Time is when the sighting opportunity will begin in your local time zone. All sightings will occur within a few hours before or after sunrise or sunset. This is the optimum viewing period as the sun reflects off the space station and contrasts against the darker sky.
Visible is the maximum time period the space station is visible before crossing back below the horizon.
Max Height is measured in degrees (also known as elevation). It represents the height of the space station from the horizon in the night sky. The horizon is at zero degrees, and directly overhead is ninety degrees. If you hold your fist at arm’s length and place your fist resting on the horizon, the top will be about 10 degrees.
Appears is the location in the sky where the station will be visible first. This value, like maximum height, also is measured in degrees from the horizon. The letters represent compass directions: N is north, WNW is west by northwest, and so on.
Disappears represents where in the night sky the International Space Station will leave your field of view.
|Struer is located 15 km from my QTH.|
|The goal of the QRP Challenge is to work 100 DXCC entities in 100 days. This page shows the current status.|
|Homepage by OZ7Z. |
Info on 144 MHz, 10 GHz, 24 GHz, contest, EME, SDR.
|Almanak displays the position of the Sun at any time during the day. The same information is available for the Moon. You simply click on a map to set your QTH. This site is highly recommended!|
|HF BAND CONDX is an experimental page for real time HF propagation. It displays continental US by default, but other positions are available, for example United Kingdom which is close to Denmark.|
|This Solar Activity Monitor by N3KL is nice and simple.|
|Solar and terrestrial data are found at www.hamqsl.com|
|Operating Practice. This page by ON4WW is a must read guide for all new and old operators. It contains hints, tips and tricks for newcomers as well as old-timers. Additionally there are VHF/UHF operational matters, DX cluster ethics, cops, conflict situations, and more.|
|Maidenhead Locator Map by ES1PUMP|
Calculate distance, bearing, and mid-point.
Find QTH locator or grid square by F6FVY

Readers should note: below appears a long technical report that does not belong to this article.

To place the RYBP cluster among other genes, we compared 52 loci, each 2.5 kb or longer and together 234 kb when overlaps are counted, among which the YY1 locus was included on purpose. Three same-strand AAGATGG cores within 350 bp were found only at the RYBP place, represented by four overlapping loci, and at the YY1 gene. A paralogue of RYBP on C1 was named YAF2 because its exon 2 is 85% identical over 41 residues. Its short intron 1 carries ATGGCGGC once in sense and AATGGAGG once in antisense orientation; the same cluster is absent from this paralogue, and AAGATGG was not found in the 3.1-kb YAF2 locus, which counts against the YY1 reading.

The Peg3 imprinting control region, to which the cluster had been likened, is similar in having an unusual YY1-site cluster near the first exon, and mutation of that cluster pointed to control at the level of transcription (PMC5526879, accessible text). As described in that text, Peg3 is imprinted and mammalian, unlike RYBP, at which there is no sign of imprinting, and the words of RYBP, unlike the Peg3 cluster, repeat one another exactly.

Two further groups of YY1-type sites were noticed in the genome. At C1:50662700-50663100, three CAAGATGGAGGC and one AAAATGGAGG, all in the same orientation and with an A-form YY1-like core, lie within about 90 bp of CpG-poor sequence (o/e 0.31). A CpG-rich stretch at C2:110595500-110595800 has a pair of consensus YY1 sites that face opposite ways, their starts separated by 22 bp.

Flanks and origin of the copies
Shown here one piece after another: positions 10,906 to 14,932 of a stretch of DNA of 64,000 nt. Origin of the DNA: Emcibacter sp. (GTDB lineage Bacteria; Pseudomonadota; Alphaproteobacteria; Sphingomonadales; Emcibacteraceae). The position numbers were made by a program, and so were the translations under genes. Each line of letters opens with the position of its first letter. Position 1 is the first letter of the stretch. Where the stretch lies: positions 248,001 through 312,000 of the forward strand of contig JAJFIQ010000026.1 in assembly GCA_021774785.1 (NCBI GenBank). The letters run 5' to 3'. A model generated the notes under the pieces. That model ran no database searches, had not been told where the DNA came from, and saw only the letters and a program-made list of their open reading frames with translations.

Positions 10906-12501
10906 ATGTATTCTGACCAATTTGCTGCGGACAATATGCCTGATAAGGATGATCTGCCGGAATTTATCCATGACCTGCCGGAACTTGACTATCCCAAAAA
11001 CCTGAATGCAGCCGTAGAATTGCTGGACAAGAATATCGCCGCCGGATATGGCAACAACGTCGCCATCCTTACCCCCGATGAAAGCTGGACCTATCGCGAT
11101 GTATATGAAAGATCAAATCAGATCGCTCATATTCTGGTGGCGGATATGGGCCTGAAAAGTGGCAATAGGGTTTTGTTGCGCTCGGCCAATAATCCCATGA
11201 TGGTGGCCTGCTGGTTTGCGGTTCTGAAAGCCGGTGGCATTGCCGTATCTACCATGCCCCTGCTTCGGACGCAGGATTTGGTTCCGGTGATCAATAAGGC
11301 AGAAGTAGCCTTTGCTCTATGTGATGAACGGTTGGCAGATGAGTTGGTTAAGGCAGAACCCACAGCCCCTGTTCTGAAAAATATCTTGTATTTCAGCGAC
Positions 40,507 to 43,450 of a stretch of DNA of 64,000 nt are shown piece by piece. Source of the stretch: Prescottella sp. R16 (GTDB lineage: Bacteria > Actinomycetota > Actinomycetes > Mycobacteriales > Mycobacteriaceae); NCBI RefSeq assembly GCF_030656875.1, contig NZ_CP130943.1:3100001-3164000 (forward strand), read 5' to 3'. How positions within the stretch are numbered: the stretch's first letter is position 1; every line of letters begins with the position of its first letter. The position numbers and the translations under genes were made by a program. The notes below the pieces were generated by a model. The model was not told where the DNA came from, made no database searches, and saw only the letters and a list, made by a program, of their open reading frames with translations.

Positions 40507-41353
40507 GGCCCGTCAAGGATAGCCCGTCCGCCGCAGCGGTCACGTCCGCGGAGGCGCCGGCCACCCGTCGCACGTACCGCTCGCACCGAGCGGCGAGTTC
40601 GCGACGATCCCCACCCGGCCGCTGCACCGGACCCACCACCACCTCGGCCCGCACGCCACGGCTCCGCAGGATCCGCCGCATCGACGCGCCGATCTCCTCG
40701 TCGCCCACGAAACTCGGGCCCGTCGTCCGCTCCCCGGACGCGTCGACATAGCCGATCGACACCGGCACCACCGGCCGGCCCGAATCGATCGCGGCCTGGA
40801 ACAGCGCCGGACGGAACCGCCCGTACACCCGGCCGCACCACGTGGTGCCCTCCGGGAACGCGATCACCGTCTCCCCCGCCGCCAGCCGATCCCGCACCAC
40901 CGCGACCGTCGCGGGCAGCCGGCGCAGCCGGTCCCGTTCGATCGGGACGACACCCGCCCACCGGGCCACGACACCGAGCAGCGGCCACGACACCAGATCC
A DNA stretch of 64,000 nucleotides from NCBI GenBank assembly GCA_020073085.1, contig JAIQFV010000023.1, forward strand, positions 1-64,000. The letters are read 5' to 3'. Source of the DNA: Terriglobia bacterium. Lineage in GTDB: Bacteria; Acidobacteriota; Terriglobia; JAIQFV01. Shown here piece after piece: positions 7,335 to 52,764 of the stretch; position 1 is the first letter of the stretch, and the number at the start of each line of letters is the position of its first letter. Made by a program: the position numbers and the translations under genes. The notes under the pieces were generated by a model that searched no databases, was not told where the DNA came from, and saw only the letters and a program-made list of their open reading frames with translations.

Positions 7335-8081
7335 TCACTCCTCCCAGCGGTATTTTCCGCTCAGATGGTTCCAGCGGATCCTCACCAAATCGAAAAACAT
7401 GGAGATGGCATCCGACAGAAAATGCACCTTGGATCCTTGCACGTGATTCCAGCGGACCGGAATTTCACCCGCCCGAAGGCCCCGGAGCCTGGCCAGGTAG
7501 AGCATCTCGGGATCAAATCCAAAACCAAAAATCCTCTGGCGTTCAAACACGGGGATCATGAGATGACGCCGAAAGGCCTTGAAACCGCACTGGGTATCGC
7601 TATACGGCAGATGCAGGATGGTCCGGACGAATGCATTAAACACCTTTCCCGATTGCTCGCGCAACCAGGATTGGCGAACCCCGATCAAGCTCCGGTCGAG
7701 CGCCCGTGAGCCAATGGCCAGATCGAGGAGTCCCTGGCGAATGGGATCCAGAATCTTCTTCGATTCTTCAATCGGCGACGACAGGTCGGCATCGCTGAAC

QTH Locator to Map. Type in any QTH locator to view the location on Google maps. You can zoom in or out as you please.
Map to QTH locator. You can convert any location into QTH locator simply by finding the QTH on the map and clicking on it. The QTH locator is now displayed together with the grid square.
|My preferred site for DX and contest information. I use the site for searching QSL-info. I subscribe to the weekly bulletin.|
|Contest info from WA7BNM.|
|Bill's excellent site collects announced DX operations and has info on CIS prefixes/suffixes and a fine link collection.|
|DX Summit is my preferred site for DX spotting. All sorts of ham stations are reported, even the not-so-rare ones.|
|Beaconspot.eu collects spots related to beacons, particulary on VHF, UHF, and microwave.|
|K3WWP's site is a goldmine for the QRP and CW enthusiast. John has made at least one QRP contact a day during more than 7500 days!|
|Slovakian site for QRP DX. Nice pics.|
|See what Corbett in Ohio has accomplished using a Heathkit HW-8 connected to an indoor antenna!|
|I'm member #9071 of the G-QRP Club. The club's site provides useful info. However, their magazine SPRAT and their award program have my main interest.|
|I'm member #36222 of AMSAT, the Radio Amateur Satellite Corporation. Their newsletter is The AMSAT Journal and they run a highly recommended website. AMSAT hosts a bulletin board, where satellite related questions are discussed. The danish branch is AMSAT-OZ. I recommend visiting AMSAT-SM (in Swedish), AMSAT-UK (based in the United Kingdom), and AMSAT-DL (in German and English; the site contains the latest news on P3E).|
|I'm member #14648 of the national danish radio amateur association "Eksperimenterende Danske Radioamatører". Their homepage is written in danish except for some pages in english describing danish and greenlandic awards.|